MELBOURNE, Aug 13 (Thomson Reuters Foundation) - Q ueensland has become the first state in Australia to criminalise so-called gay conversion therapy after regional lawmakers voted on Thursday to make the practice illegal.
Under the new law, healthcare professionals could face up to 18 months in jail for attempting to change or suppress a person’s sexual orientation or gender identity using practices such as aversion therapy, hypnotherapy and psychoanalysis.
“The ban sends a clear message to Queenslanders that conversion therapy is harmful in all contexts,” said Peter Black, president of the Queensland Council for LGBTI Health.
“It is important that there are penalties for this dangerous and discredited practice,” Black told the Thomson Reuters Foundation.
“There continues to be a need for education and further research on the harms of conversion therapies, as well as support for survivors of conversion therapies.”
Moves around the world to outlaw the practice, which involves attempting to change a person’s sexual orientation or gender identity, have gathered pace in recent months.
In July, Israel took the first step towards an outright ban, with a bill passing the first stage of the parliamentary process.
Worldwide, several countries have partially or fully outlawed gay conversion therapy, including Malta, Brazil and Germany.
Addressing parliament on Thursday, Queensland Health Minister and Deputy Premier Steven Miles said conversion therapy was a “highly destructive and unethical” practice, adding “the risks are even greater” for LGBT+ young people.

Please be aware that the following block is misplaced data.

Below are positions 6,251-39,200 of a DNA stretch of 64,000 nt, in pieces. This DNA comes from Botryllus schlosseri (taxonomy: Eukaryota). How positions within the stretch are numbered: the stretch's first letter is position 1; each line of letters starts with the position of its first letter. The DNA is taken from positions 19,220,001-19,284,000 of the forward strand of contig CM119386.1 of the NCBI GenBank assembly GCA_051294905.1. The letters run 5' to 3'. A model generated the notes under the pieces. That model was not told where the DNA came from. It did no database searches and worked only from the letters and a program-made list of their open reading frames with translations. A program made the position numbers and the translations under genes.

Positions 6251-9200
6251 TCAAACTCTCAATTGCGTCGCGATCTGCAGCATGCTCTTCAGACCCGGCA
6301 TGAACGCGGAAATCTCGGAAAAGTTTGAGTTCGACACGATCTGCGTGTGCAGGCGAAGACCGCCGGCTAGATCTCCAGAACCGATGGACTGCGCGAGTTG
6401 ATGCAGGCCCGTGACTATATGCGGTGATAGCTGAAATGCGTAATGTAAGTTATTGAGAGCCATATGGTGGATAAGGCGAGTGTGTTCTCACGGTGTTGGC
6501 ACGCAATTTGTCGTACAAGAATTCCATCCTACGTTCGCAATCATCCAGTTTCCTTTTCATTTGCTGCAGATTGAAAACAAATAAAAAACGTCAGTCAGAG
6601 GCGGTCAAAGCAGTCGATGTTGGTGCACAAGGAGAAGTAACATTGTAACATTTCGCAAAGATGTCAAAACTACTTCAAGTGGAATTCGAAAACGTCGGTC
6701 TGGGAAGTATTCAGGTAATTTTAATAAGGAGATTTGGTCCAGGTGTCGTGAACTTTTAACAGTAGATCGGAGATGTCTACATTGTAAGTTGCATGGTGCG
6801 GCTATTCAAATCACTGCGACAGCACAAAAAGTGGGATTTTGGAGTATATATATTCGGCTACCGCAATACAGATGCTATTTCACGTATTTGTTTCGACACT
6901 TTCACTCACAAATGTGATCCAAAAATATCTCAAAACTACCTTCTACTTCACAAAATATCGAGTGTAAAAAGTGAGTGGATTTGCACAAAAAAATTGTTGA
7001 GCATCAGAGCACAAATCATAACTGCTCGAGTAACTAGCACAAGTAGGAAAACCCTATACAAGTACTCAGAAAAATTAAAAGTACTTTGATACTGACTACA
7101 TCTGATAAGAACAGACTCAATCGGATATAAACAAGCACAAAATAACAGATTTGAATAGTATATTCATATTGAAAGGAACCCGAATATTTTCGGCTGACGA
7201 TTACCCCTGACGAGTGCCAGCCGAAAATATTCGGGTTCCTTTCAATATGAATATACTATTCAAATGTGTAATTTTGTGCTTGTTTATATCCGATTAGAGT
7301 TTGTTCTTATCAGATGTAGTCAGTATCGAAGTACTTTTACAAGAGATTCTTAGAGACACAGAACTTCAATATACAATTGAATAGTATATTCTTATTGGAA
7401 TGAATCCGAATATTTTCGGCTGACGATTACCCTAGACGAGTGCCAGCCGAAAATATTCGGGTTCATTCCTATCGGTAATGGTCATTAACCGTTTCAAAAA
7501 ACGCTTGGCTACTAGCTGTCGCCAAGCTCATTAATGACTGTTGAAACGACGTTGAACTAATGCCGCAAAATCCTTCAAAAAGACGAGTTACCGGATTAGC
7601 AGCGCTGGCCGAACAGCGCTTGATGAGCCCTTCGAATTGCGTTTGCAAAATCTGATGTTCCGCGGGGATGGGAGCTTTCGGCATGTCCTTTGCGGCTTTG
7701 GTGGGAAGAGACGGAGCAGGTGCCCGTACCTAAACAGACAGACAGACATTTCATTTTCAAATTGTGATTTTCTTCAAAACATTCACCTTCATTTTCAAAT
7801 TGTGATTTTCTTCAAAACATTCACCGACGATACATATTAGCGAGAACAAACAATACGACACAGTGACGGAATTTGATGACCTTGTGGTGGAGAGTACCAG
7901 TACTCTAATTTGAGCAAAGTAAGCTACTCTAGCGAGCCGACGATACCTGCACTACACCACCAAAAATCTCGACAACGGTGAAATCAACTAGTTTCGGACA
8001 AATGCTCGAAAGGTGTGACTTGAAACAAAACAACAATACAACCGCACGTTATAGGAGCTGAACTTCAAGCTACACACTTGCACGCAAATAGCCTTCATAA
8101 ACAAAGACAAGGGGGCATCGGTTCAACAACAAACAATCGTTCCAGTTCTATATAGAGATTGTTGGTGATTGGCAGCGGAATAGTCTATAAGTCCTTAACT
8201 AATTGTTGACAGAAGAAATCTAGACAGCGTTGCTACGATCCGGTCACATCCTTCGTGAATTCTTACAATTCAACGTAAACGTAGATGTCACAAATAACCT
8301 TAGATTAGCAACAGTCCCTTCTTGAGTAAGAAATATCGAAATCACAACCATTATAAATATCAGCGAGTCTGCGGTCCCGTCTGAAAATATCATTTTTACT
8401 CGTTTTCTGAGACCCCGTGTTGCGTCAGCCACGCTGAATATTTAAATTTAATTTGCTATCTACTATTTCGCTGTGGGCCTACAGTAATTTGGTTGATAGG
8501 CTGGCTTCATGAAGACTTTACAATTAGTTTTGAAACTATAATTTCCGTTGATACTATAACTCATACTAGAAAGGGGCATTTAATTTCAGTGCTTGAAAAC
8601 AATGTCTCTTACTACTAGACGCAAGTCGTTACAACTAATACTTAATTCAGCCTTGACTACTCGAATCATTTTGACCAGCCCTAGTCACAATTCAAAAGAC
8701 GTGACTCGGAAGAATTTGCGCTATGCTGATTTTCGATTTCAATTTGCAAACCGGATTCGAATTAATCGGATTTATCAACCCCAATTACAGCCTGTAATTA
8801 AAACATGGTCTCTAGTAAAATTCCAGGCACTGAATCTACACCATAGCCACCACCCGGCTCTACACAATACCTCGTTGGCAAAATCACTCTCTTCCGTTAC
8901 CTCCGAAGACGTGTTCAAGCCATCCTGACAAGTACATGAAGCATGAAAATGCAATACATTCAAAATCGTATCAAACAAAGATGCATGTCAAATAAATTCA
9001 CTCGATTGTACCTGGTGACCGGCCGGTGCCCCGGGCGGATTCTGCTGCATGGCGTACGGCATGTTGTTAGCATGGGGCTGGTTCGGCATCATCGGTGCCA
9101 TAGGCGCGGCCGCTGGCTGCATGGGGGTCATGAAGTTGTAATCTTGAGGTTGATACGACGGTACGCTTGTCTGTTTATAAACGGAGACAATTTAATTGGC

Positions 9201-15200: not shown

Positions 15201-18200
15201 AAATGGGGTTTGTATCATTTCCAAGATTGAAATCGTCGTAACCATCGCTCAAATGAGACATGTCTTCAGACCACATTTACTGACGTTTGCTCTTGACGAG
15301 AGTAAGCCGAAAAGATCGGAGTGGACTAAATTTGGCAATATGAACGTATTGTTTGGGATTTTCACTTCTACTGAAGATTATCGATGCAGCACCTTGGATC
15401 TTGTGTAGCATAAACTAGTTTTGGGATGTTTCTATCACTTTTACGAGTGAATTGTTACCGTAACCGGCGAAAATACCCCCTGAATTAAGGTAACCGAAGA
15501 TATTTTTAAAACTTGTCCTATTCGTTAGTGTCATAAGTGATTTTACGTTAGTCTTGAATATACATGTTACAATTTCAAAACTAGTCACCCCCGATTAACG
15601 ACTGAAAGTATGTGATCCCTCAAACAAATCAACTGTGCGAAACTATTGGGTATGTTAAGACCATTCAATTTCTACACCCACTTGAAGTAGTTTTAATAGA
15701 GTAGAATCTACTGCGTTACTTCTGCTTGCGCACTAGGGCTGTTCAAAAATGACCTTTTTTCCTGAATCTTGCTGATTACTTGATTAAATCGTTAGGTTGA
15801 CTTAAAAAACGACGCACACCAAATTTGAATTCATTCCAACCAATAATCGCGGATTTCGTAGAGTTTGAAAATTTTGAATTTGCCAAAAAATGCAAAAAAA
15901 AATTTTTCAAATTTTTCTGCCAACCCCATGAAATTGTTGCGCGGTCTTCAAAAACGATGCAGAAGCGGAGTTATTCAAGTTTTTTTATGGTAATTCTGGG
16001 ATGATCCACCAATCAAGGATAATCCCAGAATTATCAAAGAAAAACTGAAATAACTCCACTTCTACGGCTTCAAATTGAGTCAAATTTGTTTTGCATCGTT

“Being LGBTIQ is not an affliction or disease that requires medical treatment,” Miles said.
“No treatment or practice can change a person’s sexual attraction or experience of gender.”
Doctors, counsellors and psychologists who perform conversion therapy could face up to 12 months imprisonment, or 18 months if the victim is a minor.
Some Australian survivors of conversion therapy, however, said they were “extremely concerned” about the limitations of the legislation, which only applied to healthcare professionals.
“Overwhelmingly, the bulk of harm occurs over time in informal settings ... not in therapeutic contexts,” SOGICE Survivors and Brave Network, two organisations advocating for survivors of conversion therapy, said in a joint statement.
“Health professionals are only very rarely involved in conversion practices in 2020, and therefore must not be the sole focus of any legislation or response.”
In 2018, a report by La Trobe University and the Human Rights Law Centre found conversion therapy is “pervasive” in Australian faith communities, with at least 10 organisations offering the practice in Australia and New Zealand.
Two other Australian jurisdictions – Victoria and the Australian Capital Territory (ACT) – have committed to banning conversion therapy.
On Thursday, the ACT introduced a bill to outlaw conversion therapy for minors, and last October, the Victorian government began public consultation on similar legislation. (Reporting by Seb Starcevic @SebStarcevic; Editing by Belinda Goldsmith and Hugo Greenhalgh. Please credit the Thomson Reuters Foundation, the charitable arm of Thomson Reuters, that covers the lives of people around the world who struggle to live freely or fairly. Visit news.trust.org)